When you write dialog, consider what I call orthogonality. Two characters, when talking about their conflicting needs/desires, will tend to speak to their own individual concerns more than to the other person's concerns. (Joe wants to talk about the raise he didn't get at work; Mary wants to talk about Joe Junior's bad day at school.) This is what I call orthogonality. You can use it to build realistic-sounding dialog that accentuates (rather than amalgamates) the characters' differences. You've seen this technique used a million times in TV shows and movies. David storms into Tyler's office and says: "Why the hell didn't you tell me we lost the Frankenhammer account?!" Tyler takes a sip of coffee and says: "I'm fine, thanks for asking. How about yourself?" That's orthogonality.

So, to the foregoing list of 8 items, you can add two more:

9. Don't use explicit beats.

10. Exploit orthogonality.

There's more to good dialog than just following these rules. But if you follow them, chances are you'll at least avoid having someone ask you (after reading something you labored over for hours, days, or weeks) "Do real people talk like this?"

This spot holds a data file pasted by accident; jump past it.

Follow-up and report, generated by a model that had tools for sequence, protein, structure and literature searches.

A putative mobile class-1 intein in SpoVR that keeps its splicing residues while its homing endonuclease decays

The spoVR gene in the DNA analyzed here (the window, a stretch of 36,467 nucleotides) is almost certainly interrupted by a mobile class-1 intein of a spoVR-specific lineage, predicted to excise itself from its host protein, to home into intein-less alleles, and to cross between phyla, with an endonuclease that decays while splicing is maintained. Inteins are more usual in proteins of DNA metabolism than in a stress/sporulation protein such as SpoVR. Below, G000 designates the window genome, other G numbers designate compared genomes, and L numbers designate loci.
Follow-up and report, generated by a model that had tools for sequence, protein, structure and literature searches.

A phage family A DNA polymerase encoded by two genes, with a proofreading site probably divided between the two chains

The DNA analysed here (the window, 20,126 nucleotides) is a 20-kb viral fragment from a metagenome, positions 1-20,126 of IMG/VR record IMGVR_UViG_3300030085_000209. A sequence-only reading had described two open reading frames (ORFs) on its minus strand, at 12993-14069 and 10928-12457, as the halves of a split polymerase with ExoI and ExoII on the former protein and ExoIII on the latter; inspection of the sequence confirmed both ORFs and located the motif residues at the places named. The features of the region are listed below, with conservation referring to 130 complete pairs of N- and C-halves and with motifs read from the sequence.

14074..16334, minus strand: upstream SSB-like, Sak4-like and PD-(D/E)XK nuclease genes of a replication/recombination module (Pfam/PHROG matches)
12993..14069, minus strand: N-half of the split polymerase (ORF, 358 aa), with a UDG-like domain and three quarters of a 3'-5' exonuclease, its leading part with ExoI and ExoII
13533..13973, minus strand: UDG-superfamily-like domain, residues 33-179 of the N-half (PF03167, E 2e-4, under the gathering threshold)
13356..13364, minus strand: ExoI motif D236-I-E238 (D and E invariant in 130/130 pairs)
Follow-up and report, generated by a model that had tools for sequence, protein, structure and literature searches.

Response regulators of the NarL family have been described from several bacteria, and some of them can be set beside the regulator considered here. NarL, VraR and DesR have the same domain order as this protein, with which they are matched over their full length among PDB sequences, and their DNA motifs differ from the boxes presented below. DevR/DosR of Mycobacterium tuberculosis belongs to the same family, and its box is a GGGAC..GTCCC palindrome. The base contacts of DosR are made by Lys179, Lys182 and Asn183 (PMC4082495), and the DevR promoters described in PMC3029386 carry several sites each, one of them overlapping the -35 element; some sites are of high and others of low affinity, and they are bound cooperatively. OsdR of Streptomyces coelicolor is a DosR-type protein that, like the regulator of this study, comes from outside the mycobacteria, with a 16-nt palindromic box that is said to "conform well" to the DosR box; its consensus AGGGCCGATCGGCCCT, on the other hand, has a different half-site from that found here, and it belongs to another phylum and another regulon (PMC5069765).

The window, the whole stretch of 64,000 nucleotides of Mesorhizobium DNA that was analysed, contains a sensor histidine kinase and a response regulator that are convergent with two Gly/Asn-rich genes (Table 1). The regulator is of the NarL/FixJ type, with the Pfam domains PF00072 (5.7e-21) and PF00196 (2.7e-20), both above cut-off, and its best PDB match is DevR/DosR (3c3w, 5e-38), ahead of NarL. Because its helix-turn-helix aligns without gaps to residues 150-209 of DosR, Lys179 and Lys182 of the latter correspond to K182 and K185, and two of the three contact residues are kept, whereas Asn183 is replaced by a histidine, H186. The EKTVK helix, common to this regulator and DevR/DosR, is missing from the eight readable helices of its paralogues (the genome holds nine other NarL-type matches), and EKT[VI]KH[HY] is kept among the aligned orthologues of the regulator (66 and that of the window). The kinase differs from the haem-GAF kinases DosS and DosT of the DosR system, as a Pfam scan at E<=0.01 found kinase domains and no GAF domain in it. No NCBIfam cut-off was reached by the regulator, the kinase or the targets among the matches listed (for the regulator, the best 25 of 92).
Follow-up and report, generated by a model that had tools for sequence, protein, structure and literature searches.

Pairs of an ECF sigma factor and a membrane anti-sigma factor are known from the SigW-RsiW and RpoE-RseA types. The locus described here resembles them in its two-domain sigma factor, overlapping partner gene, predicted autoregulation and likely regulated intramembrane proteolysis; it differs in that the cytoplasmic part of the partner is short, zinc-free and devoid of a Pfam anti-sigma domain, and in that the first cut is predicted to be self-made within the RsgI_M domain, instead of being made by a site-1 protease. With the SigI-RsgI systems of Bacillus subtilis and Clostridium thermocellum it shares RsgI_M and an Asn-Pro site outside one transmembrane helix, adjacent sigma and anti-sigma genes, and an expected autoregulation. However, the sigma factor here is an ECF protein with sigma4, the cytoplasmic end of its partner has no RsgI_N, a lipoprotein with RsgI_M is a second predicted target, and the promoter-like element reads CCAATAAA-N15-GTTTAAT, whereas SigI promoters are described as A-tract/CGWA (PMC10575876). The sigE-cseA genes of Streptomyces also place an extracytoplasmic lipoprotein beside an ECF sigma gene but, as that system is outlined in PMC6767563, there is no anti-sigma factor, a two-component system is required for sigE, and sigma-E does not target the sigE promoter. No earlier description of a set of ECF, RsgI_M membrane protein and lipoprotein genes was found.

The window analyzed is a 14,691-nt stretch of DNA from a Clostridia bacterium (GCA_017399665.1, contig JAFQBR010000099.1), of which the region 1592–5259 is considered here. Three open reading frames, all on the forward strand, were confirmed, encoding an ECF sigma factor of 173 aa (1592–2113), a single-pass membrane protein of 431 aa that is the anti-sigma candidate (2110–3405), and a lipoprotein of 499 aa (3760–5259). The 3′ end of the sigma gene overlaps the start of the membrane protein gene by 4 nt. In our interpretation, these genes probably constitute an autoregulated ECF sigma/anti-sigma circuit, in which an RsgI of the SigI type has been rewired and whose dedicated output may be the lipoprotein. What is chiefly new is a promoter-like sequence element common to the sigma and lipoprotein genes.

If you'd like to take a look at my WGA-registered screenplay, Greeners, write to me. (Tell me something about yourself.) My hushmail dot com address is kasthomas.

Friday, November 08, 2013

A Million Page-Views in Ten Months

Three weeks ago, while I wasn't paying attention, my blog (this blog) surpassed the one-million-page-views-YTD mark. I can't be 100% sure where the traffic is coming from, since I refuse to click the "Don't track your own page-views" link in Google Analytics. It could still be mostly me hitting Refresh. Or someone with Anonymous perfecting a really, really slow denial-of-service attack. Or maybe my (deceased) mother discovered a time machine 50 years ago, only she didn't tell me about it and she traveled to the future just to pay some dweeb in Milwaukee to unleash a Reddit clickbot that messes with me, then headed back to 1963 to cook dinner. It almost has to be one of those things.